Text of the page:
Bastian Schweinsteiger has confirmed his retirement from professional football at the age of 35.
The high point of his decorated career was helping Germany win the 2014 World Cup in Brazil with a 1-0 extra-time win over Argentina at the Maracana.
Schweinsteiger also won the 2013 Champions League, 8 Bundesliga titles and 7 German Cups with Bayern Munich, and was inducted into the club's hall of fame in 2018.
Currently with MLS side Chicago Fire, Schweinsteiger released a statement today confirming he'd be stepping away from the game at the end of this season.
Schweinsteiger thanked each of his career clubs - Bayern, Manchester United and Chicago Fire - as well as the German national team and the fans of each for his glittering career. His wife, former tennis world no.1 Ana Ivanovic and family also got a 'thank you' from the midfielder.
Nun ist die Zeit gekommen: ich danke Euch und meinen Mannschaften @FCBayern, @ManUtd, @ChicagoFire und @DFB_Team. Natürlich danke ich auch meiner Frau @AnaIvanovic und meiner Familie für Ihre Unterstützung. pic.twitter.com/SrCdP8m6ia
— Basti Schweinsteiger (@BSchweinsteiger) October 8, 2019
A proficient skiier as a youth, Schweinsteiger worked with retired World Cup alpine ski racer Felix Neureuther before deciding to focus his attentions on football.
Schweinsteiger said in 2006, "I enjoyed both sports, but then came the offer from Bayern Munich and I just had a gut feeling it was right.
"Football was so popular, and skiing was never like that. Carrying those skis around was annoying too."
His senior Bayern debut came in November 2002 as a substitute against Lens in the Champions League. He would go on to become a key part of the Bayern side that won eight Bundesliga titles between his debut season of 2002-03 and 2014-15.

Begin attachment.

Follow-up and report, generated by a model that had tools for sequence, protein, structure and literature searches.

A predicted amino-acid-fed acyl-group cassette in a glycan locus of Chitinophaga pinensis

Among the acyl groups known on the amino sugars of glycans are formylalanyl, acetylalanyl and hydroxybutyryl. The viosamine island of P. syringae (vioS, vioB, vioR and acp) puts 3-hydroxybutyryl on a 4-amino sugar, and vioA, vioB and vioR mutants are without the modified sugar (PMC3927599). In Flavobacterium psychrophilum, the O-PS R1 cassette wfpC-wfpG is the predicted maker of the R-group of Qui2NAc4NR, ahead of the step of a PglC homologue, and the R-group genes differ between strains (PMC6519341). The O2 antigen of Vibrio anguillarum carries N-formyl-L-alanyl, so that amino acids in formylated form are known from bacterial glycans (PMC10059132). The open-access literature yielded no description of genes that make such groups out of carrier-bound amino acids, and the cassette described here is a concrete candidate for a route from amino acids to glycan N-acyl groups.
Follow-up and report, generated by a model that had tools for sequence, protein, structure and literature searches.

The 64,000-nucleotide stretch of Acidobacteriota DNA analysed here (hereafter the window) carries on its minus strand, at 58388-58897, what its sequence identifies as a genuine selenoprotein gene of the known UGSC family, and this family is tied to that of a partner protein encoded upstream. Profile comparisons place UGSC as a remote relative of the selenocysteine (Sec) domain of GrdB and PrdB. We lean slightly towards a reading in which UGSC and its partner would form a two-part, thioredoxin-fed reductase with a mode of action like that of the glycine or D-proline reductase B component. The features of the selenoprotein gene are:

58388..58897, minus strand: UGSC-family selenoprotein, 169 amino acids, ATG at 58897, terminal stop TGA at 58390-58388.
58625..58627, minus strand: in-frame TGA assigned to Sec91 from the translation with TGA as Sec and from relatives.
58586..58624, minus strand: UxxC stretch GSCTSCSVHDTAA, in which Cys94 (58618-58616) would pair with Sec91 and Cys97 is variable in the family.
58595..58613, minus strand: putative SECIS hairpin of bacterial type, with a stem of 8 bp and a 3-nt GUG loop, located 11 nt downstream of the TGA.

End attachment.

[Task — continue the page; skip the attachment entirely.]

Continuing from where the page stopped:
Schweinsteiger made his international debut in a June 2014 friendly against Hungary, less than 18-months after his senior club debut. He quickly impressed manager Rudi Voller, so much so he was a late inclusion in the squad that exited in the group phase of Euro 2004.
Two years later, he played every game of Germany's third-place finish of the World Cup they hosted. Schweinsteiger played all but 9-minutes of his country's run to a third-place finish in South Africa in 2010. They lost in the semi-finals of Euro 2012, but would go even better two-years later.
Injuries began to encroach on Schweinsteiger's career from 2011, but he was no less a central cog to the Bayern machine.
He started alongside Javi Martinez in midfield as Bayern beat a Jurgen Klopp-managed Borussia Dortmund 2-1 at Wembley to claim the club's fifth Champions League crown in 2013.
The core of that Bayern team also formed a sizeable chunk of Jogi Low's 2014 Germany World Cup squad. Die Mannschaft's manager would describe Schweinsteiger as "the brain".
He was on the bench for their opening group game against Portugal at that World Cup, but started the remainder of their games.
"Schweini" was part of the side that humiliated Brazil 7-1 in the semi-finals in Belo Horizonte, before playing all 120 minutes of their extra-time win over a misfiring Argentina in the final.
By the end of his international career, Schweinsteiger would earn 121 international caps with only Lothar Matthaus, Miroslav Klose and Lukas Podolski having won more.
In 2015, he became the first German player to play for Manchester United. Signed for €9m by Louis van Gaal, on paper it seemed like the ideal move for all involved.
Injuries, suspensions and a dip in form meant he made just 18 appearances for United in his first season at Old Trafford. The following season under Jose Mourinho would be even worse, with the new manager demoting the World Cup winner to training with the club's U23's.
Schweinsteiger would be restricted to cup appearances before sealing a March 2017 move to Chicago Fire.
— Chicago Fire FC (@ChicagoFire) October 8, 2019
A popular figure for the Windy City side, even after slowing down, he went on to play for three seasons, before confirming the 2019 campaign Stateside would be his last.
DANKE BASTI 🖤❤️💛 pic.twitter.com/yX0Mp4l79W
— Germany (@DFB_Team_EN) October 8, 2019